Your skin is itchy, red and dry. You can’t stop scratching. Google tells you it’s eczema.
But wait. Before you rush out to a pharmacy, there’s another skin condition that can have visually similar symptoms and your eczema cream probably won’t work for it: psoriasis.
Eczema and psoriasis are like twins — they have a similar look, but deep down, they are fundamentally different.
Eczema and Psoriasis: How Similar Can They Be?
Both eczema and psoriasis can cause a rash — patches of red, raised, itchy skin — and they can appear in the same places of the body, such as the hands and scalp. Neither is contagious but both can lead to infections. An experienced dermatologist may be able to spot the differences, but to the untrained eye, it’s hard to tell.
Although eczema can be more prevalent in the United States, psoriasis is also common. This makes self-diagnosis even harder, because the chance for getting either condition is high.
However, despite the confusingly similar appearances, there are clues that can help you tell them apart.
1. Genetics, Environment or Autoimmune: Which Causes Which
"The biggest difference between eczema and psoriasis is the underlying causes. Psoriasis is an autoimmune disease, meaning your immune system is dysfunctional and your skin cells grow too fast. The cells start to pile up on the top of the skin, forming the white scale," explains Jeffrey Millstein, MD, a physician at Penn Internal Medicine Woodbury Heights.
The cause of eczema is much more complicated and hard to determine. Both genetic and environmental factors could play a role in triggering the rash.
Researchers have found in some eczema patients that a gene responsible for creating a protective layer on the top of the skin has mutated (changed), which leaves the skin prone to infection and flare. Climate can also play a role — people living in a dry climate or city where they are exposed to pollutants often have dry skin.
2. Subtle Differences in Itchiness
True — when you’ve got an irritating, itchy spot, who cares about the subtle difference? But this can help you and the dermatologist to decide which skin condition you are having.
Dr. Millstein says, "Psoriasis tends to cause milder itching and, in some less common types of psoriasis, a terrible burn. Eczema, on the other hand, can lead to very intense itching. When it starts to become severe, some people scratch their skin so hard that it bleeds."
Both skin diseases can show up anywhere on your body, but they have their own favorite areas.
Psoriasis causes troubles commonly on the:
Eczema can occur in those places, but it most often inflames the skin on the back of the knees or the inside of the elbows.
Although you can get either disease at any age, eczema affects children more than psoriasis does.
3. Sunshine Can Ease Psoriasis But Not Necessarily Eczema
If you have eczema, summer might not be your favorite season. Some people with eczema are sensitive to heat. In hot weather, overheating can cause perspiration, which can lead to skin flare.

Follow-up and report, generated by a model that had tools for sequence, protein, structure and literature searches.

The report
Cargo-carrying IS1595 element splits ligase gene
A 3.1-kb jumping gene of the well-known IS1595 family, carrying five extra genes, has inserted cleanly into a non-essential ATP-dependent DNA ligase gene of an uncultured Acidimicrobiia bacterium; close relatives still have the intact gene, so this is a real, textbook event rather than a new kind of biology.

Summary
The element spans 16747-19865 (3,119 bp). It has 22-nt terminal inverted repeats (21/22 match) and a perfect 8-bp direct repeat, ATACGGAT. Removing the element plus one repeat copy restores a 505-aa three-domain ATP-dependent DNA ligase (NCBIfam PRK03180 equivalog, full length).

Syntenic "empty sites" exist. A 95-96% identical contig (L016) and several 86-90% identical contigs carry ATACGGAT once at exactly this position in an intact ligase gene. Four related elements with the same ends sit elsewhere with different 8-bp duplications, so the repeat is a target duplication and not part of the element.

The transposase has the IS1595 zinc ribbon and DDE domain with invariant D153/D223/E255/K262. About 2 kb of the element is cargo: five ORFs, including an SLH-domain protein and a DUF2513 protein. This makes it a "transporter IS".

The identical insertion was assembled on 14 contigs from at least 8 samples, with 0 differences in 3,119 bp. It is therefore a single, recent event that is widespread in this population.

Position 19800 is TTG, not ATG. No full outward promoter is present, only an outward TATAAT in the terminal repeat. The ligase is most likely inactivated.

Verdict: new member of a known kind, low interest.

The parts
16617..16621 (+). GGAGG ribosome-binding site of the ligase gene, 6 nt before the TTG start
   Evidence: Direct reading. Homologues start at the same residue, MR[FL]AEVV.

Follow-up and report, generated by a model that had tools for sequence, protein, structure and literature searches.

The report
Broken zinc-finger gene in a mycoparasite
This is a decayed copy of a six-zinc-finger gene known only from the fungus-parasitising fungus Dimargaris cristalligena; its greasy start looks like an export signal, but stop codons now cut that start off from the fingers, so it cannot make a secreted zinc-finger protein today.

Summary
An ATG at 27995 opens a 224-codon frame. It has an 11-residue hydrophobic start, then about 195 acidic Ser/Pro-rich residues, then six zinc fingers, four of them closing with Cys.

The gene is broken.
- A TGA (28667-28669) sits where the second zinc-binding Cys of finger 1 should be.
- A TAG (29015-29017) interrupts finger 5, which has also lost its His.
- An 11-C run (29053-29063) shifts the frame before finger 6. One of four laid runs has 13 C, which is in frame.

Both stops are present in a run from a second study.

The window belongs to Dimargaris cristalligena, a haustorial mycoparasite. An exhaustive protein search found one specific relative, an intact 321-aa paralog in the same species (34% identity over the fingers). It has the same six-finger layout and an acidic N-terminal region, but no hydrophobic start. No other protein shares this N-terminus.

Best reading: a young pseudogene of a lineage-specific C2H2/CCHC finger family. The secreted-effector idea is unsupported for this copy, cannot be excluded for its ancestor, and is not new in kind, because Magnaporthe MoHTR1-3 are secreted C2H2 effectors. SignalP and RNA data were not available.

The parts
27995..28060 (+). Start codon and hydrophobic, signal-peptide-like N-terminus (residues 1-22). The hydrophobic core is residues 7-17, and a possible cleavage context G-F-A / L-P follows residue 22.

"However, for most psoriasis patients, abundant natural ultraviolet B (UVB) light from sunshine can be a blessing. UVB light can slow down the abnormal growth of skin cells. It is used as a medical treatment for psoriasis," says Dr. Millstein.
But remember — too much of a good thing can become damaging. If you go sunbathing without using sunscreen or are exposed to sunlight for too long, overexposure can trigger psoriasis symptoms. If you start to feel itchy or see red spots, get out of the sun. Make sure to talk to your dermatologist about the best amount of time for exposure to the sun.
If you have itchy, red patches on any part of your body that don’t go away with over-the-counter medications, it’s better to see a dermatologist directly. Primary care providers can also help make a diagnosis and manage your symptoms, but a dermatologist has specialized training and extensive experience in recognizing subtleties of the two skin conditions.
The treatments for eczema and psoriasis are similar. Some of the common treatments include:
- Over-the-counter relief: Many of these products are aimed to help relieve symptoms or prevent infection.
- Topicals: These are medications your doctor prescribes for you to apply on the affected skin.
- Phototherapy: Also known as light therapy, phototherapy uses a machine to create UVB light. Phototherapy is safe — you will only be exposed to a healthy, controlled amount of UVB light, and the procedure is performed under medical supervision. This can reduce itching and inflammation, and boost bacteria-fighting ability of the skin.
- Biologics: These are medications that can target the protein that makes you have the inflammation response. They’re usually given by injection or intravenous (IV) infusion.
- Systemics: These are medications you can take by mouth to control your immune system response and reduce inflammation. It’s often prescribed to you if your condition is severe.
Eczema and psoriasis can present very differently in each person. Comparing your symptoms to another patient’s won’t always give you the right answer. Talk to a dermatologist about getting the right diagnosis and treatment.